Strong opinions, weakly held

The dangerous allure of one size fits all

It seems like almost everyone with a blog is captivated by the debate over Apple’s new policies related to in-app purchases. I read at least one good post on the subject every day. The money issues are important but not really interesting. Apple is leveraging its absolute control over which applications can be installed under iOS to pry away a big chunk of the revenue from application vendors.

The one rationale for the new policy I best understand is that application vendors will modify their pricing model so as to pay Apple the smallest amount possible. So if Apple charges 30% on direct purchases through iTunes and 15% for in-app purchases, many developers will distribute their application for free and then unlock the good features through an in-app purchase. If the percentage is different for subscriptions and for standalone in-app purchases, developers will try to switch to subscription-based pricing. In that sense, Apple has a strong incentive to charge the same price across the board.

What really interests me, though, is Apple’s false confidence in the idea that one payment system will actually work for everyone. Chris Adamson explains why this won’t work:

A client of a client of mine is likely to get caught up in this I-AP drama, and in a meeting this week, we laid out exactly how I-AP works, and what they have to do in order to implement it, including entering every product into the iTunes Connect web interface, a nightmarish prospect when you have thousands of SKUs. When we finished, there was a long silence on the phone, followed by a colleague saying “you can probably imagine the look on everyone’s faces here.”

I’m sure that the iOS team at Apple feels that they have designed an elegant and powerful payment system, maybe the best that anyone has ever created. But it’s apparent that not only is such a system insufficient for any application that might be conceived in the future for iOS, it’s also insufficient for many applications that already exist today.

It strikes me that the core error was when Apple allowed itself to be convinced that a one size fits all payment system would work for the full iOS ecosystem. I do wonder whether it was an executive decision that was passed on to engineers to implement, or the product team came up with a solution that the executives decided could work for everyone.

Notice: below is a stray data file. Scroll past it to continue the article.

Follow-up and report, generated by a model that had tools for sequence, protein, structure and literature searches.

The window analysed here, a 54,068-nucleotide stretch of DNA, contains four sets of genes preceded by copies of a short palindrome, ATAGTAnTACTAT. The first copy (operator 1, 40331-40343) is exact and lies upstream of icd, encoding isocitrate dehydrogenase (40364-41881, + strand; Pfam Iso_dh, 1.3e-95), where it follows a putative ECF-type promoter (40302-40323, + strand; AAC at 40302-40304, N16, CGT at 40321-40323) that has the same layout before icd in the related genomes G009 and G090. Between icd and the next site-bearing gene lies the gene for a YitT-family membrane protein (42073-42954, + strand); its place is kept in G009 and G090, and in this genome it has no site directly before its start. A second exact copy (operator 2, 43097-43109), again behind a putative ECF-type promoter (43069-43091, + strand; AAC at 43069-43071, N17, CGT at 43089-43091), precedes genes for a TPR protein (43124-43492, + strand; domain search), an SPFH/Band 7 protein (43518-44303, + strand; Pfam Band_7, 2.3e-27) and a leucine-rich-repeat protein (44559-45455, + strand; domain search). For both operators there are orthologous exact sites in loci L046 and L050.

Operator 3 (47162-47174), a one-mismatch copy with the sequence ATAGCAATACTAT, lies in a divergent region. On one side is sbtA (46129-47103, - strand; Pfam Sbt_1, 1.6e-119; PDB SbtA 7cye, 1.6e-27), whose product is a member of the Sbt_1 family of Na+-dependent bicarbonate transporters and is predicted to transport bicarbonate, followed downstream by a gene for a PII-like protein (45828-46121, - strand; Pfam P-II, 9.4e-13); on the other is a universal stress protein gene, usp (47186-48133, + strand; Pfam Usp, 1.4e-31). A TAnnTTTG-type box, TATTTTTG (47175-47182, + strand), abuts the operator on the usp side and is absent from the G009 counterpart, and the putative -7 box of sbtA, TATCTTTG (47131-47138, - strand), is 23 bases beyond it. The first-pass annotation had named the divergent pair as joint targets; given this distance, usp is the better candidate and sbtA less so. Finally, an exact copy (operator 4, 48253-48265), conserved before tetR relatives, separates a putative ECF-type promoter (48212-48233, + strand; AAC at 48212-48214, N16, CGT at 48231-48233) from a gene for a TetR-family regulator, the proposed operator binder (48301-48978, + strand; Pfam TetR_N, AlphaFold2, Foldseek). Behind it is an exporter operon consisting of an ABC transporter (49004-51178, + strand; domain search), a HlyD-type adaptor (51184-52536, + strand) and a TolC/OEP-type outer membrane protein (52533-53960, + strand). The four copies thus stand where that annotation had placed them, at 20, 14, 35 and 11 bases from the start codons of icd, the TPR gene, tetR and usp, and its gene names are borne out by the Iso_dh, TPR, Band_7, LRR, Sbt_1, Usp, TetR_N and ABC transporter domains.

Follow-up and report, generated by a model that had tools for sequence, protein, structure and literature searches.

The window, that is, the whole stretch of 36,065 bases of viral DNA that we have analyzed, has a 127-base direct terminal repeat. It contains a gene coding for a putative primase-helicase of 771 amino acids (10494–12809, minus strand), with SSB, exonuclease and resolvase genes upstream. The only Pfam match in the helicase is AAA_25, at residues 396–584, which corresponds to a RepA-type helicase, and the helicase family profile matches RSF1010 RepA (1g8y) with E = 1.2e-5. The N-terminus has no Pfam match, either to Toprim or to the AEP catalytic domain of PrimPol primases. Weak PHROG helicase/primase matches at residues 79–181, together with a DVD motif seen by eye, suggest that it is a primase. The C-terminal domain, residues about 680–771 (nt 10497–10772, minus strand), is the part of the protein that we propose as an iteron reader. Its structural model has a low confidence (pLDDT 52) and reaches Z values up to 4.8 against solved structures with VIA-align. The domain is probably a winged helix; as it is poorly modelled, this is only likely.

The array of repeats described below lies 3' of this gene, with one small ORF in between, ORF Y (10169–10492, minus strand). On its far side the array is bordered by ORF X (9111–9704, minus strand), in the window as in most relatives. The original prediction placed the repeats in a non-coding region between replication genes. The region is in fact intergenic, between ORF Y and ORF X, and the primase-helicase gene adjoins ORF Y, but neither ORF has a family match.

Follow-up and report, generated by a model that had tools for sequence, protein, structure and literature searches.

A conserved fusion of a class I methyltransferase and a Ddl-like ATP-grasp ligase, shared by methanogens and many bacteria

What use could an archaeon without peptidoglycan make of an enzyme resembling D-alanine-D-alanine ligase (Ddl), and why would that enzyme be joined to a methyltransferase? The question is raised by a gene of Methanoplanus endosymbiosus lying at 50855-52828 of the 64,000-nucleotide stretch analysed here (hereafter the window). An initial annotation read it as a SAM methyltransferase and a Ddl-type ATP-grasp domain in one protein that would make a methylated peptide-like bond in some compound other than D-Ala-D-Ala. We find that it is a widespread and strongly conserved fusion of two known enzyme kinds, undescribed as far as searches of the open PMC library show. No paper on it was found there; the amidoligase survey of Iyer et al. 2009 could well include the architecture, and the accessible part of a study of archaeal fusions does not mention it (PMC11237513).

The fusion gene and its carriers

1. I guess I’m still surprised that people assume that this is how the system will work forever — as if nothing would change unless people complained. How often does Apple introduce a product or service and then continue to iterate? Very often. You have to start somewhere, and I understand that people don’t like this starting point, but to not acknowledge that it is just a starting point is missing the point of how Apple does business.

  2. Sure, this is in some ways reminiscent of Steve Jobs telling everyone that Web apps are enough for anyone when the iPhone was originally launched without support for third party apps. (It’s astounding to think that originally you couldn’t use third party apps on the iPhone, isn’t it?)

    Apple tends to overreach and then back off rather than starting modestly and then moving forward, that’s for sure.

  3. Since when does one solution work for everyone? I’m not sure that a well designed system can every fit everyones needs. By definition, you have to pick something and focus on it. It seems to me that the evidence suggest Apple’s done a fine job of creating a system that works for most folks. This extends to their hardware as well. Apple’s approach certainly does not meet the needs of folks who like to swap out video cards and what not for example.

  4. I see it as an attempt to claw back a large percentage of the surplus value that generally does not accrue to the makers of hardware except through 1) blatantly anti-competitive semi-hidden hardware lock-in measures or 2) just making the device much more expensive in the first place, which would dissuade either 3rd parties or users from using the thing.

    So introducing it later is quite a nasty bait-and-switch.

    As such I think if I was an Apple developer I’d be very annoyed. I doubt this is legal under anti-competitive laws and I don’t think it’s a good model for the industry to head towards.

    It essentially ensures that all prices of stuff sold both on the IOS platform and off it will rise to cover the 30% Apple tax, resulting in a net transfer from non-IOS users to IOS users and higher prices for everyone. Er, hooray?

  5. Bait and switch? Yes.

    Annoying to developers? Yes.

    Illegal? Likely not, considering Apple’s market share and the fact that selling via Apple is optional and some (much?) of the content is available via other sources.

    Bad for everyone (including Apple)? Yes.

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